My heart attack came completely out of the blue. It was August 7 (exactly a month ago) and I was active, walked everywhere and felt relaxed as I’d just been on a great camping holiday with my partner Ryan.
Being famous for fame’s sake wasn’t the goal when I co-founded the Go-Go’s. I just wanted to sing and have a laugh. But social media and reality shows like American Idol have created a malignant narcissism. I thought it was the end of music when they started. After three decades of cocaine addiction I can’t believe I’m not dead. I should actually look like the Phantom of the Opera with just two holes in the front of my face. I’m contrary by nature and think my addiction owed a lot to that.
My grandmother wanted my parents to have me adopted. But when Mum got pregnant, Dad stood up to Granny Mac and told her they were getting married. They were only 18 but so in love, and are still happily together. I don’t know the secret of my longevity. I’m just well-suited to breakfast TV. I can be myself and the audience likes familiarity. I’m a comfy pair of slippers to them and that’s great. My upbringing in the Gorbals was humble, but very happy.
Muck Rack makes it simple to find people, tweets, or articles that mention any name, keyword, company, hashtag etc. We've compiled this guide to help you make the most of your search.
Selecting a term
Start searching tweets, articles from media outlets, articles mentioned in tweets, journalists'
names, titles and bios with some suggested searches:
Companies or Topics (e.g. iPhone, Microsoft)
Phrases (e.g. "cloud computing") — use quotes to keep the terms together
Twitter handles (e.g. @username) — returns those who have mentioned or replied to
Names (e.g. "David Pogue")
Hashtags (e.g. #sxsw, #london2012)
Bio details (e.g. vegan, Olympics, father)
Muck Rack's Advanced Search allows for many boolean operators.
Find results that mention multiple specified terms, use AND or
+. For example, ensure each result contains both Elon Musk and Mark Zuckerberg by
searching Obama AND Romney or Obama + Romney.
Use the operators OR or , to broaden your search when you'd like either of
multiple terms to appear in results. (This is the default behavior of our search when no operators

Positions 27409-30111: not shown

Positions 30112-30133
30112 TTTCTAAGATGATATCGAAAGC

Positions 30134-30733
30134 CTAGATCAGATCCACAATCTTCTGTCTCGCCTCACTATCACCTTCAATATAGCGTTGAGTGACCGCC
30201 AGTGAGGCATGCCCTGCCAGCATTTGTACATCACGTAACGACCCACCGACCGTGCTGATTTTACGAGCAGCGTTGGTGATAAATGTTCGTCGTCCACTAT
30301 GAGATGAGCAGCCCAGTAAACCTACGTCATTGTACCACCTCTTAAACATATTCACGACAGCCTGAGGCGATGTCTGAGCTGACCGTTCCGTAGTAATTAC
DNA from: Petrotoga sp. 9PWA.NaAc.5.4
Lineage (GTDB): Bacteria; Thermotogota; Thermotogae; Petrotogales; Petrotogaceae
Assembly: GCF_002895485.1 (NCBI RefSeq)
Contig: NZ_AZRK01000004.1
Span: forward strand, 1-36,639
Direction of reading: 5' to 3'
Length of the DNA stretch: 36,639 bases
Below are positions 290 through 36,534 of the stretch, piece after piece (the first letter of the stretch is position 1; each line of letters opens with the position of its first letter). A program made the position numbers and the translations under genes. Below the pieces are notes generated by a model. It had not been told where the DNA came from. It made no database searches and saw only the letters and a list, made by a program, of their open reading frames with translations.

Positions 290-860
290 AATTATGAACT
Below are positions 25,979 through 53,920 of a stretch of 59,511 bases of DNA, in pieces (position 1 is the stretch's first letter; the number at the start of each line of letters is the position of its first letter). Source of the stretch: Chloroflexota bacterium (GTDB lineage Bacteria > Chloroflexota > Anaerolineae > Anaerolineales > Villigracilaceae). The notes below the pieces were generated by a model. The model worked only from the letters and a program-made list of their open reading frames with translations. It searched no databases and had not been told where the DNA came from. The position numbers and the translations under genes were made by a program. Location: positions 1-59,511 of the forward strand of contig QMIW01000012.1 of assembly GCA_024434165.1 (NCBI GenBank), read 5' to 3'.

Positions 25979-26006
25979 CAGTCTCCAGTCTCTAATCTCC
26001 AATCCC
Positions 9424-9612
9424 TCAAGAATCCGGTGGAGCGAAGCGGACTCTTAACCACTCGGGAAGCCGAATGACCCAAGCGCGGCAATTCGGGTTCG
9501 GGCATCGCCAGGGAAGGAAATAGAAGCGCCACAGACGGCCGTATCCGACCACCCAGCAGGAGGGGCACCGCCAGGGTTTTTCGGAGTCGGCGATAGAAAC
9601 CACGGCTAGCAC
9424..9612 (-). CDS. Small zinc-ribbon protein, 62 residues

are used.) For example, search for democrat OR republican to find results that refer to
Democrats and/or Republicans.
Use NOT or - to subtract results from your search. For
example, searching Disney will yield results about the Walt Disney Company as well as Walt Disney
World Resort. To exclude mentions of Disney World, search for Disney -World or Disney
When using one of these operators with a phrase, enclose it in quotation marks. For example, you can
find results about smartphones excluding Apple's iPhone 4S by searching smartphone -"iPhone
Exact case matching or punctuation
If you're searching for a brand name or keyword that relies on specific punctuation marks or capitalization, you can
find results that match your exact query by adding matchcase: before the keyword you're searching for, like matchcase:E*TRADE .
Use parentheses to separate multiple
boolean phrases. For example, to find journalists talking about having fun in Disney World or
Disneyland, search for ("disney world" OR disneyland) AND fun.
An asterisk can be used to search for any variation of a root word truncated by the asterisk. For example, searching for admin* will return results for administrator, administration, administer, administered, etc.
A near operator is an AND operator where you can control the distance between the words. You can vary the distance the near operation uses by adding a forward slash and number (between 0-99) such as strawberries NEAR/10 "whipped cream", which means the strawberries must exist within 10 words of "whipped cream".